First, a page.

Work clothes while recovering from surgeries?
December 9, 2017 11:59 PM   Subscribe

After a serious illness, I am preparing to interview work. I've been living in over-sized sweaters and leggings, but am looking for a more professional look that still works with my fragile health. Any suggestions welcome! Details beneath the fold.

-I'm having a laparoscopy for endometriosis. Pants that are tight around the waist are generally too painful for me.

-I have a inguinal hernia and wear a hernia belt that is visible through clingy or thin fabric. My hernia causes me pain so belts around the waist are out.

-I sometimes wear a lidocaine medication patch on my neck. It is somewhat large and difficult to hide. My strategy has been scarfs during the winter and high neck shirts during the summer.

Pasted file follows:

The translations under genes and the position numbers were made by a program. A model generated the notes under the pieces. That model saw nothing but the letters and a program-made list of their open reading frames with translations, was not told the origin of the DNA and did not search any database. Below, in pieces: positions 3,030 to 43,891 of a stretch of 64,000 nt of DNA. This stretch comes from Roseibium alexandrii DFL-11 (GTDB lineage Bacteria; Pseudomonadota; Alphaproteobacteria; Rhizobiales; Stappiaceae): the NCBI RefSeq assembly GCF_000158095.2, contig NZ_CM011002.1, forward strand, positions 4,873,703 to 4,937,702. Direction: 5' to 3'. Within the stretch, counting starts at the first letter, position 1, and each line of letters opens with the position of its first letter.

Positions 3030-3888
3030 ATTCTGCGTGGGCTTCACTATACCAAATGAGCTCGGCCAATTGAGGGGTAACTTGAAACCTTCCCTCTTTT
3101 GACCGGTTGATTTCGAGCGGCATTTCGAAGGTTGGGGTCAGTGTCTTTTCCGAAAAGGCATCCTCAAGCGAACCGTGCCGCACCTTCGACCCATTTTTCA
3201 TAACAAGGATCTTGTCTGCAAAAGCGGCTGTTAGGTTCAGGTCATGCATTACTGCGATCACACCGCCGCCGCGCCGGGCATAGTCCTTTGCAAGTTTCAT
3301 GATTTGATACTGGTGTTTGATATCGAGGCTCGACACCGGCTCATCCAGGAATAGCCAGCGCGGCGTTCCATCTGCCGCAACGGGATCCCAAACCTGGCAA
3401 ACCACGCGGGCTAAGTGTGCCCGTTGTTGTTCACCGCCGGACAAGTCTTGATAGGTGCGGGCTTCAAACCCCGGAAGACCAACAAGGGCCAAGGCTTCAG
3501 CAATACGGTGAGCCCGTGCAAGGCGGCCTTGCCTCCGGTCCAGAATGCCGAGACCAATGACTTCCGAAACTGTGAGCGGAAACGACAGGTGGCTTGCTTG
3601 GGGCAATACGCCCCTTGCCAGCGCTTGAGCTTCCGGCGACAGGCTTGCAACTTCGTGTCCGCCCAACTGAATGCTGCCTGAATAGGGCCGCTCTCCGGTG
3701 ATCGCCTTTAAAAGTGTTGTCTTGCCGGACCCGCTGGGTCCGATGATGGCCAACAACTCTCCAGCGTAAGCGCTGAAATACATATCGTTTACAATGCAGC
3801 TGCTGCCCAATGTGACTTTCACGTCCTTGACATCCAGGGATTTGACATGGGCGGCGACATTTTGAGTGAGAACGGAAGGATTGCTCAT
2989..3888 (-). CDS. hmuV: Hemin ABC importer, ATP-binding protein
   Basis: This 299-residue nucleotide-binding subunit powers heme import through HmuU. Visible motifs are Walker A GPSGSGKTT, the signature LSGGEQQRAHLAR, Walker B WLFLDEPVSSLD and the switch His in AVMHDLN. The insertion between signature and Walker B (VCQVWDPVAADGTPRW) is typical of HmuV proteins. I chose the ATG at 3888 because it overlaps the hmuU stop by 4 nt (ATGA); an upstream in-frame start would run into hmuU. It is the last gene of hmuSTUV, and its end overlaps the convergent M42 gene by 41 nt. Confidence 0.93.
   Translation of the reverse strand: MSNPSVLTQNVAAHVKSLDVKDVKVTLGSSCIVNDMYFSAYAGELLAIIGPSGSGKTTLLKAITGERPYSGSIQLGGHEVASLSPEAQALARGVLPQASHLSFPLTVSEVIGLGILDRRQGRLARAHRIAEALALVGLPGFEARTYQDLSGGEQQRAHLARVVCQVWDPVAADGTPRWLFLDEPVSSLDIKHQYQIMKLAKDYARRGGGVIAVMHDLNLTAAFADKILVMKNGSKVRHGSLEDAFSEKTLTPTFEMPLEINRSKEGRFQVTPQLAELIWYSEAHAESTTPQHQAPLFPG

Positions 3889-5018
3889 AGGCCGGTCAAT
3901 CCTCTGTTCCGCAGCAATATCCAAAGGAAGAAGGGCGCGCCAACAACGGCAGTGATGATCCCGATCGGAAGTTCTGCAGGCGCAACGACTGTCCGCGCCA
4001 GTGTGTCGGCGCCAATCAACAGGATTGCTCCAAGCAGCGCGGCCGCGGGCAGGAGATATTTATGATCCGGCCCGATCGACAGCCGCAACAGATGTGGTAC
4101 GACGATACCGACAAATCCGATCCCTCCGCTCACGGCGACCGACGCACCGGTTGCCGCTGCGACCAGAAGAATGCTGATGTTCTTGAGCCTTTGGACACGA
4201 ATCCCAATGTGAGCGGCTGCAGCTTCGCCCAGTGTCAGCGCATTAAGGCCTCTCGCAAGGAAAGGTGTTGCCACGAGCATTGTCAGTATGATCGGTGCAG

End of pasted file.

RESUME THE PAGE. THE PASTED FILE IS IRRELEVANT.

-I have hormonal skin issues on my legs that I sometimes want to cover. Stockings tend to be itchy, but I'd be really interested in suggestions.

-Bras are out. I'm wearing comfortable bralettes, but I'm a C-cup and unsupported.

-I'm aiming to hide my hernia belt/patch/the fact that I"m not wearing a bra/health issues as much as possible.
posted by likethenight to Clothing, Beauty, & Fashion (15 answers total) 3 users marked this as a favorite
 
Take a look at some of the looser clothes from Smoking Lily. Specifically:

Shelter Dress
Documenta Tunic
Documenta Tunic in Linen
Saturday Tunic

Leggings

Lawren Scarf
Loop Scarf